Los Angeles Angels: Winners and Losers Halfway Through Spring Training

Kevin Belhumeur@webb5008Contributor IIMarch 14, 2013

Los Angeles Angels: Winners and Losers Halfway Through Spring Training

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    With the acquisition of Josh Hamilton in the offseason, the Los Angeles Angels expect to compete at the highest level this year.

    But they may have to wait until the regular season to do so.

    With a 3-11 record in the Cactus League, the team currently lays claim to the worst spring training record in all of baseball.

    While the team's wins and losses may not have much significance in the preseason, individual player performances do go a long way in determining a manager's roster selections for Opening Day.

    The following list features winners and losers halfway through spring training. 

Winner: Hank Conger

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    Before the start of spring training, the backup catcher position for the Los Angeles Angels was up for grabs between Hank Conger and John Hester.

    With Conger's impressive form at the plate, however, that debate has all but been settled.

    The 25-year-old right-hander is batting .412 with a team-best 10 RBI through eight games. He has an on-base percentage of .444 and a slugging percentage of .824.

    Throughout the remainder of spring training, the Angels and their coaching staff will look for Conger to improve on the defensive side of the ball. In 48 starts in the 2011 regular season, Conger managed to throw out only 16 percent of base stealers. His fielding percentage behind the plate was .979, a number considerably lower than starting catcher Chris Iannetta's career mark of .995.

    With four throwing errors in only 30 innings played this spring, Conger's inconsistency on the defensive side of the ball has somewhat dampened an otherwise flawless preseason campaign.

    Per MLB.com, Angels Manager Mike Scioscia talked about the team's desire to see Conger's arm catch up to his bat:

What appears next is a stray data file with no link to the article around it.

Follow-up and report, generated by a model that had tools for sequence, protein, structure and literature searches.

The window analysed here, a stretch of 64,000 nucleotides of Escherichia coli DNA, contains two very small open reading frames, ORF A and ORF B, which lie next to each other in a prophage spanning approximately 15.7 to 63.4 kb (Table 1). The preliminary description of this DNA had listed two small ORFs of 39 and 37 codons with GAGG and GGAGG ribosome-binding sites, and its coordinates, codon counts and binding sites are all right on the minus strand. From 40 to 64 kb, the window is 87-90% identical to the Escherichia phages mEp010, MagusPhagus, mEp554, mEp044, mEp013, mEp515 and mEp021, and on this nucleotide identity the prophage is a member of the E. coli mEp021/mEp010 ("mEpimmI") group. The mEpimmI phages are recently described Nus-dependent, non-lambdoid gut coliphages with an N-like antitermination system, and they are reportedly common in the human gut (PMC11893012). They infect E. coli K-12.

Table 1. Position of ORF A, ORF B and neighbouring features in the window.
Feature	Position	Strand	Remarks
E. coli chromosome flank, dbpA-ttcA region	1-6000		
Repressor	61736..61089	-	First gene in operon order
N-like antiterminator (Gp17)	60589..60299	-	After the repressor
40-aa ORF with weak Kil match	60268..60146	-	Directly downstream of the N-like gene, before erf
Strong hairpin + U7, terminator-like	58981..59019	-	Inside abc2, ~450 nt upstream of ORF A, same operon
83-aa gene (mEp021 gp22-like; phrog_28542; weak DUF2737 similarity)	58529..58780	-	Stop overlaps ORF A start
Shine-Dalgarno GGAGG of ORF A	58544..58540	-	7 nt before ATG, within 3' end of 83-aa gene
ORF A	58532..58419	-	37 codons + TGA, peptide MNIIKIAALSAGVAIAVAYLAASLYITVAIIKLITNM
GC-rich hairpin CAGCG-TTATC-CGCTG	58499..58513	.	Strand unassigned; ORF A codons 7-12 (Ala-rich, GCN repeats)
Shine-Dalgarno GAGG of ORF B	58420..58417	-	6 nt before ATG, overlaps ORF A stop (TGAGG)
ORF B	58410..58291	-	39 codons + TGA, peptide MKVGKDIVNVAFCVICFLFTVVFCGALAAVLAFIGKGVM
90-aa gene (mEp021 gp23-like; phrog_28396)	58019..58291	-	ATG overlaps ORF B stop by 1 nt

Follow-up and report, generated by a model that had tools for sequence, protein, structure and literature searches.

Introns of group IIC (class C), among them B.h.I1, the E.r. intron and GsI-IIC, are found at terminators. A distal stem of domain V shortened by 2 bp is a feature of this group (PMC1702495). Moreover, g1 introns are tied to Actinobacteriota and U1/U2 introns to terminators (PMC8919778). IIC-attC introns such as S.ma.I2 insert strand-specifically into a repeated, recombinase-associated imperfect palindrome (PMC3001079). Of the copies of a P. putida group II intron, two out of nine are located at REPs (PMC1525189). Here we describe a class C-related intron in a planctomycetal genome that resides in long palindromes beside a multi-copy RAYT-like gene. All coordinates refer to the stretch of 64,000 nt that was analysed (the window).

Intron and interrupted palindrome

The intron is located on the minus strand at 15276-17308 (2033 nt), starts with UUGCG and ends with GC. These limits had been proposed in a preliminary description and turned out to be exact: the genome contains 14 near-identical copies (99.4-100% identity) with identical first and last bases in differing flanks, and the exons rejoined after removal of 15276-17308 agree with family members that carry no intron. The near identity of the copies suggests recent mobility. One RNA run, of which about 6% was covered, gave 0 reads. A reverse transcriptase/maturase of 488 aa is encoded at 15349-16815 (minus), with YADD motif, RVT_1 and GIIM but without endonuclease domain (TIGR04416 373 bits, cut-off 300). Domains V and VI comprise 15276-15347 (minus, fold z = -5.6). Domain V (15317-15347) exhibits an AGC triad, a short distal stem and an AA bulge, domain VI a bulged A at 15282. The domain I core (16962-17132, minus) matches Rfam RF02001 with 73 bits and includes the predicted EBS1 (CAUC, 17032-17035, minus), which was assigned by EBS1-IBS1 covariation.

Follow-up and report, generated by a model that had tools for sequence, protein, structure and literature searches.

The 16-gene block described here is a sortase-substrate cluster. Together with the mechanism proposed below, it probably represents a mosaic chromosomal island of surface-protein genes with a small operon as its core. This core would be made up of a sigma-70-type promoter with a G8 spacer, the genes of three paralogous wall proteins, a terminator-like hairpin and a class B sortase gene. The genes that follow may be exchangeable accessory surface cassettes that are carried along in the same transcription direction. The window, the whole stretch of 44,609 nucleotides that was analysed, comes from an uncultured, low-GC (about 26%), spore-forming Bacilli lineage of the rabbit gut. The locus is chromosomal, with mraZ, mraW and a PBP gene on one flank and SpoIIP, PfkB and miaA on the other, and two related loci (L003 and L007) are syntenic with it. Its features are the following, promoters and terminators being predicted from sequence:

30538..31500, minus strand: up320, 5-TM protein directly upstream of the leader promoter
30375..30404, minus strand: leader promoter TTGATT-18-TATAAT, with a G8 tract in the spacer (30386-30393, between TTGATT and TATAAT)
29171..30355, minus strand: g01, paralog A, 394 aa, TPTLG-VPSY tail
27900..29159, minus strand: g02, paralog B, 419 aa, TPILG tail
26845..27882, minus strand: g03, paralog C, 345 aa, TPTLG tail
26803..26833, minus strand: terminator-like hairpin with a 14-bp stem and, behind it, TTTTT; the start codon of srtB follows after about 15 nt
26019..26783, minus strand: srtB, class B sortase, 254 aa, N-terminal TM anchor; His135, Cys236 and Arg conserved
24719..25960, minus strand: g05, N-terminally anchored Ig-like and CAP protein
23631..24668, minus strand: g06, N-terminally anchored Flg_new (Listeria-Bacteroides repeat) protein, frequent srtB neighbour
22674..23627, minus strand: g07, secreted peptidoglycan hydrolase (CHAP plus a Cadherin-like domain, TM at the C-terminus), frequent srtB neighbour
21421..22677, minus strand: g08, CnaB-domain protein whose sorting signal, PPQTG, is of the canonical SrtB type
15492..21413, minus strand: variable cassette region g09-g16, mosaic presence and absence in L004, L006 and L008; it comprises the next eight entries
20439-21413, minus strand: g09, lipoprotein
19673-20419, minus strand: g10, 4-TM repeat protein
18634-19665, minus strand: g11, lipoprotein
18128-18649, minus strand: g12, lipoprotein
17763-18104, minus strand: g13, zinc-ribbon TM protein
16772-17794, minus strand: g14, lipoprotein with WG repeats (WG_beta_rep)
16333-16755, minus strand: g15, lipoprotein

A catcher has to be able to deter a running game, there's no doubt. But that doesn't mean you're throwing rockets right on the corner of the bag every time. There's a level that you need where teams have to either work for their stolen bases or they know the timing's against them ... I think Hank has that ability to get to that level. There's no doubt he has the arm strength to control the running game to the extent we would need him. It's really going to be a function of that consistency.

Loser: Nick Maronde

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    Coming into this season, left-handed pitcher Nick Maronde was widely considered one of the best Minor League prospects within the organization.

    But judging from his spring training performances thus far, you wouldn't know it.

    Maronde has an abysmal 12.71 ERA with a 2.65 WHIP in four games.

    The good news? His sample size is small. Maronde has only pitched 5.2 innings in the Cactus League so far and will look to turn it around in the latter half of March. 

    The Angels will be relying on Maronde this season to help bolster their bullpen. As a unit, Angels relievers blew 22 saves and had a collective ERA of 3.97 in 2012, ranking third worst in the AL.

    The 23-year-old's strengths include his deceptive left-handed delivery and his strike-throwing abilities. In 10 games as a starter for the High-A Inland Empire 66ers in 2012, Maronde went 3-1 with a 1.82 ERA. In seven games as a starter at Double-A Arkansas, he had a 3-2 record with a 3.34 ERA.